Sleep Training – A Difficult Task for Parents


Sleep training by allowing babies to cry is growing in use, and it appears that infants can be trained to sleep through the night at an early age. Allowing a baby to cry for more than an hour may be necessary for sleep training, but most babies do not cry that long.  It does not negatively affect children’s long-term mental and physical health. 

If parents do not intervene when an infant cries at night, sleep training may be accomplished in as little as three days. Even though some pediatricians recommend that sleep training be tried at 4 to 6 months, many of them are finding both with patients and their own children that 2 months works well. If parents make checks, they should be quick with no lights or consoling.  Most of the time crying declines within a week, but sleep training may be harder on parents than the babies.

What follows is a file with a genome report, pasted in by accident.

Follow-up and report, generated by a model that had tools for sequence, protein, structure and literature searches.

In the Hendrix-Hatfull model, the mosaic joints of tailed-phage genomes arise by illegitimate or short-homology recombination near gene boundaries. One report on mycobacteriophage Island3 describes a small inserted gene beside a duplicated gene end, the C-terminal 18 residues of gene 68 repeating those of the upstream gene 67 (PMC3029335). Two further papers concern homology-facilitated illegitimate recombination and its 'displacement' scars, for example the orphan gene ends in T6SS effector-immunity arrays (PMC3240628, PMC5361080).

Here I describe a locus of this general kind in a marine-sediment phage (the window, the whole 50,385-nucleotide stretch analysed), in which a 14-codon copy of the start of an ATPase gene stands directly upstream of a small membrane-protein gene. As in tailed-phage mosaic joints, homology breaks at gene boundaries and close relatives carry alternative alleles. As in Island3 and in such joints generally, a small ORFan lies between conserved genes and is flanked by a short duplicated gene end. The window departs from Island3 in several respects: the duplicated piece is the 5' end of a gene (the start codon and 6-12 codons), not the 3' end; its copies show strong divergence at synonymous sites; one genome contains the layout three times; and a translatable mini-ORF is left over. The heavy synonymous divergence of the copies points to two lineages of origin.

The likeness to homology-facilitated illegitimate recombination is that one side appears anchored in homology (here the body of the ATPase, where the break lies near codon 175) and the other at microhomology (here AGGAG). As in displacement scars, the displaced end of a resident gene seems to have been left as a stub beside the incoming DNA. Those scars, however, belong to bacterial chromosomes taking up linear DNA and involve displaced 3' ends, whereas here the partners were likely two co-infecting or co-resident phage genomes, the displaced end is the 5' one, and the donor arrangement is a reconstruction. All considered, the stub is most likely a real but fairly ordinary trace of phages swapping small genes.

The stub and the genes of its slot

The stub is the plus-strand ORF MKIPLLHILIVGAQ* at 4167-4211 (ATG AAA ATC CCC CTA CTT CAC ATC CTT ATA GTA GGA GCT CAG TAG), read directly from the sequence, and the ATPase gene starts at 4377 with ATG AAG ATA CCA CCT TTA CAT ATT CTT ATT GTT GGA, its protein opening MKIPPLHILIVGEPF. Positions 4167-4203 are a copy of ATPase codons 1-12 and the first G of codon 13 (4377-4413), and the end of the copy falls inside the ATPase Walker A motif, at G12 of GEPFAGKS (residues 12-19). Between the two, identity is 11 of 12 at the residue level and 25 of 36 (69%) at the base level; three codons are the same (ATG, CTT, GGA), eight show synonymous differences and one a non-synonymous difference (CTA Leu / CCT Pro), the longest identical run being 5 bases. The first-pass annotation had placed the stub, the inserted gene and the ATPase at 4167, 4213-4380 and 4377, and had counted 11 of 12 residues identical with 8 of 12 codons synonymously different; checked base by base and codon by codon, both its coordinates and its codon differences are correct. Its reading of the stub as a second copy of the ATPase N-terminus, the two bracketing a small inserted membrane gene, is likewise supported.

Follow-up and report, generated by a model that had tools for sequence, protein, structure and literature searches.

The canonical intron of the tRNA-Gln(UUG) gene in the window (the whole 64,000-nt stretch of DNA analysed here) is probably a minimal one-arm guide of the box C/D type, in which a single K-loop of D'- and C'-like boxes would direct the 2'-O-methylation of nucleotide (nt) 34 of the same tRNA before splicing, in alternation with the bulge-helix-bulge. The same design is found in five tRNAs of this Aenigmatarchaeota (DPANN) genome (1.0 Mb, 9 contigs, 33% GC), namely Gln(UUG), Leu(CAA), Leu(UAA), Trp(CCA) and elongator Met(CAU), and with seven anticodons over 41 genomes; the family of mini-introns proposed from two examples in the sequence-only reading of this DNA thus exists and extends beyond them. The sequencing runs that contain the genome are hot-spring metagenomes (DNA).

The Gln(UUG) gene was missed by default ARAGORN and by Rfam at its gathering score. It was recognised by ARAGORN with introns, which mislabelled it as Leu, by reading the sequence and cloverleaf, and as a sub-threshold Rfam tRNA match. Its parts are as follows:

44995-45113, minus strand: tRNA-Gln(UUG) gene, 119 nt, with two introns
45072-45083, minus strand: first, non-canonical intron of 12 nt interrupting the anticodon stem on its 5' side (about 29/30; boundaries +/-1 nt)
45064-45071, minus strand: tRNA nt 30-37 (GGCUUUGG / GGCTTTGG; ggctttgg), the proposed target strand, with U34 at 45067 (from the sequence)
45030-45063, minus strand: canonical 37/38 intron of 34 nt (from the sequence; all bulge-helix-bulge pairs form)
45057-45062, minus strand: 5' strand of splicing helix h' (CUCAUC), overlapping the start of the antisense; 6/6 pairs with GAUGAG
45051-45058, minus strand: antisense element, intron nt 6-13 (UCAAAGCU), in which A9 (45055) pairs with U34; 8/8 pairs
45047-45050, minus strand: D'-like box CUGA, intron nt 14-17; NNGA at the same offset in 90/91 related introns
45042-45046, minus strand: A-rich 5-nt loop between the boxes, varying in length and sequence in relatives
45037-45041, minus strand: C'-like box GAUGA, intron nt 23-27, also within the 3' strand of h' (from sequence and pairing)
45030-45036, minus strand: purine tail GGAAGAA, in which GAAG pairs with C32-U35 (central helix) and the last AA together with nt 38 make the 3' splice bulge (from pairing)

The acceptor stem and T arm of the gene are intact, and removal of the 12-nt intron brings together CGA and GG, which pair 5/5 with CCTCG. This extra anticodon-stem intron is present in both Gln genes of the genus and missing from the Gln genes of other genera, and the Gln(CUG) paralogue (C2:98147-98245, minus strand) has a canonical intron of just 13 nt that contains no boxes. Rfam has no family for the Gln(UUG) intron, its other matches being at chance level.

Studies have shown that parents who are quicker to respond to a crying infant are more likely to have children who are unable to sleep through the night.  Some parents prefer a very gentle approach, while others wish they had followed the advice regarding sleep training.  Both children and parents need to sleep.

Friday, January 8, 2021

Eating Spicy Food

Many people like to eat spicy food. Not all chilies are of equal heat, not even the same color and species of chili raised in a given state.  The heat is partially determined by the soil in which the chili plant is grown.  Smaller peppers are generally hotter than larger varieties. Capsaicin is the molecule responsible for the heat in chili and foods flavored with them.  Other spices, such as mustard and horseradish, also contain capsaicin.  Capsaicin may have some health benefits, including pain relief to the skin.